Sunday 19 June 2011

Review: The Mockingbirds - Daisy Whitney

Some schools have honor codes.
Others have handbooks.
Themis Academy has the Mockingbirds.

Themis Academy is a quiet boarding school with an exceptional student body that the administration trusts to always behave the honorable way - the Themis way.  So when Alex is date-raped during her junior year, she has two options: stay silent and hope someone helps her, or enlist the Mockingbirds - a secret society of students dedicated to righting the wrongs of the student body.

In this account of a teenage girl's search for her voice and the courage to use it, debut author Daisy Whitney reminds readers that standing up for someone, especially yourself, is worth the fight.

Mockingbirds Series:
The Mockingbirds
The Rivals (2012)

Visit Daisy Whitney's website for more information

I'm finding it really difficult to write a review for The Mockingbirds because I have such mixed feelings about the story.  Although I'm usually very careful to avoid spoilers in my reviews I'm going to warn you now there will be spoilers here because I can't talk about what I disliked without going into detail.  I'll start by saying that I applaud the author for tackling such a hard topic as date rape, this is something that she suffered herself when she was at college and she has done a great job of capturing the emotions that Alex goes through when she realises what happened to her.  It is easy to sympathise with Alex and what she has suffered, she goes through phases of confusion, doubt and worrying that it was her fault.  She is embarrassed that something like this could have happened especially when Carter starts spreading rumors that she was desperate for it and other students start acting as if she is easy.  It takes a lot of convincing from her friends to make Alex speak out and tell people what happened to her but although I was glad she found the courage to talk this is where the story started to fall down for me.

If her friends had encouraged her to go to the police or a teacher at her school it could have been a powerful message to other teens who may find themselves in a similar situation.  In reality she was convinced to take her case to the Mockingbirds - a group of students who are there to stop injustices happening on campus.  We are expected to believe that although all of the students at school are aware the Mockingbirds exist not a single teacher knows anything about them.  I was horrified by the lack of adult supervision in the story, the teachers are shown as ignorant and oblivious and refuse to accept that their gifted students could possibly do anything wrong.  Despite the fact that the story is told over several months Alex doesn't once mention a phone call from her parents, even though Alex hasn't told them about the rape surely they would want to know how she was getting on at school?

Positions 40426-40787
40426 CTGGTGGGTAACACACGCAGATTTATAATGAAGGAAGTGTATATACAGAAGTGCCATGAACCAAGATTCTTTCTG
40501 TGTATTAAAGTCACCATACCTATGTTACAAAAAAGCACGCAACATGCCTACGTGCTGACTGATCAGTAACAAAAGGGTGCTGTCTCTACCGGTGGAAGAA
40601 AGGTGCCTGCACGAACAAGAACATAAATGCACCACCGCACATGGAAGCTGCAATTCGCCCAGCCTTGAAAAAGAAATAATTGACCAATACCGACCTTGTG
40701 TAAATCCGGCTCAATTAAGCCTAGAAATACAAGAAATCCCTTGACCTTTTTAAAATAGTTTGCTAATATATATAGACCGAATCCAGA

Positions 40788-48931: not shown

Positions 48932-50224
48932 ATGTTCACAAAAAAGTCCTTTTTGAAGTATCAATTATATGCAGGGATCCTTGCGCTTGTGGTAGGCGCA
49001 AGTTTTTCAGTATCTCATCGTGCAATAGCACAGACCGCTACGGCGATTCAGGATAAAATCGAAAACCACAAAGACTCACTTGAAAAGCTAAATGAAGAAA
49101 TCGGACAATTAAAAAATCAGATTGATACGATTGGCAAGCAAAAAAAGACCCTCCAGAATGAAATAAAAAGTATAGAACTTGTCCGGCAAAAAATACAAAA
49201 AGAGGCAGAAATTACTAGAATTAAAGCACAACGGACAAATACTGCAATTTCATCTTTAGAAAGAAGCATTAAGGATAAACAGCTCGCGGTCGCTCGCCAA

When it comes to the Mockingbirds I actually thought that the idea of a justice system run by students was really interesting.  If the group had a teacher involved and dealt with more minor issues then I think it could have been really effective, the way they run a trial and decide on a suitable punishment was a great idea.  However, I didn't think this was a suitable way to deal with a rape on campus - in my opinion this was definitely something that needed police involvement.  I was uncomfortable with some of the actions taken by the Mockingbirds too, when they agree to take Alex's case they immediately start revoking Carter's privileges (how they were able to do this without the teachers realising something was up is beyond me!).  Rumors are spread about Carter, problems are caused for the whole water polo team and his life is made miserable - all before the "trial" that proves his guilt.  If Carter had actually been found innocent he would have suffered the worst kind of bullying by the very people who are supposed to protect the other students.  Just because he is eventually found guilty doesn't make their actions any better!

The main reason I don't think the Mockingbirds work for a case like rape is that the punishment doesn't fit the crime.  As there is no police (or adult) involvement there will be no record of Carter's offence and as soon as he leaves school his punishment is finished.  What happens if he re-offends in the future?  I'm horrified by the message that sends to teenagers!  In another of the cases taken on by the Mockingbirds a student who took a knife to someone received no punishment at all because the case was tried just before graduation.  The victim states that they were pleased with the outcome because although nothing came of it the case proved that the other person was in the wrong - I'm sorry but I was disgusted by that attitude.

While I understand that the author was trying to encourage victims to find their voice and speak out I think this powerful and important message was lost in the way the case was handled.  While I have no problem with literature about date rape being aimed at teenagers, in fact I think there should be more about this topic, I do think it should encourage victims to talk to a trusted adult and hopefully take the case to the police.

Source: Received as part of a book tour arranged by UK Book Tours, this book has already been sent on to it's next destination.

Other Reviews:
If you have reviewed this book on your blog please leave a link to your review in the comments & I'll add the link here.


  1. I'm with you. I didn't feel at all comfortable with the students eking out justice the way they did.

  2. I'm so glad you both had the same issue that I did! I've seen so many rave reviews of this one that I was beginning to worry that I read a different book to everyone else!



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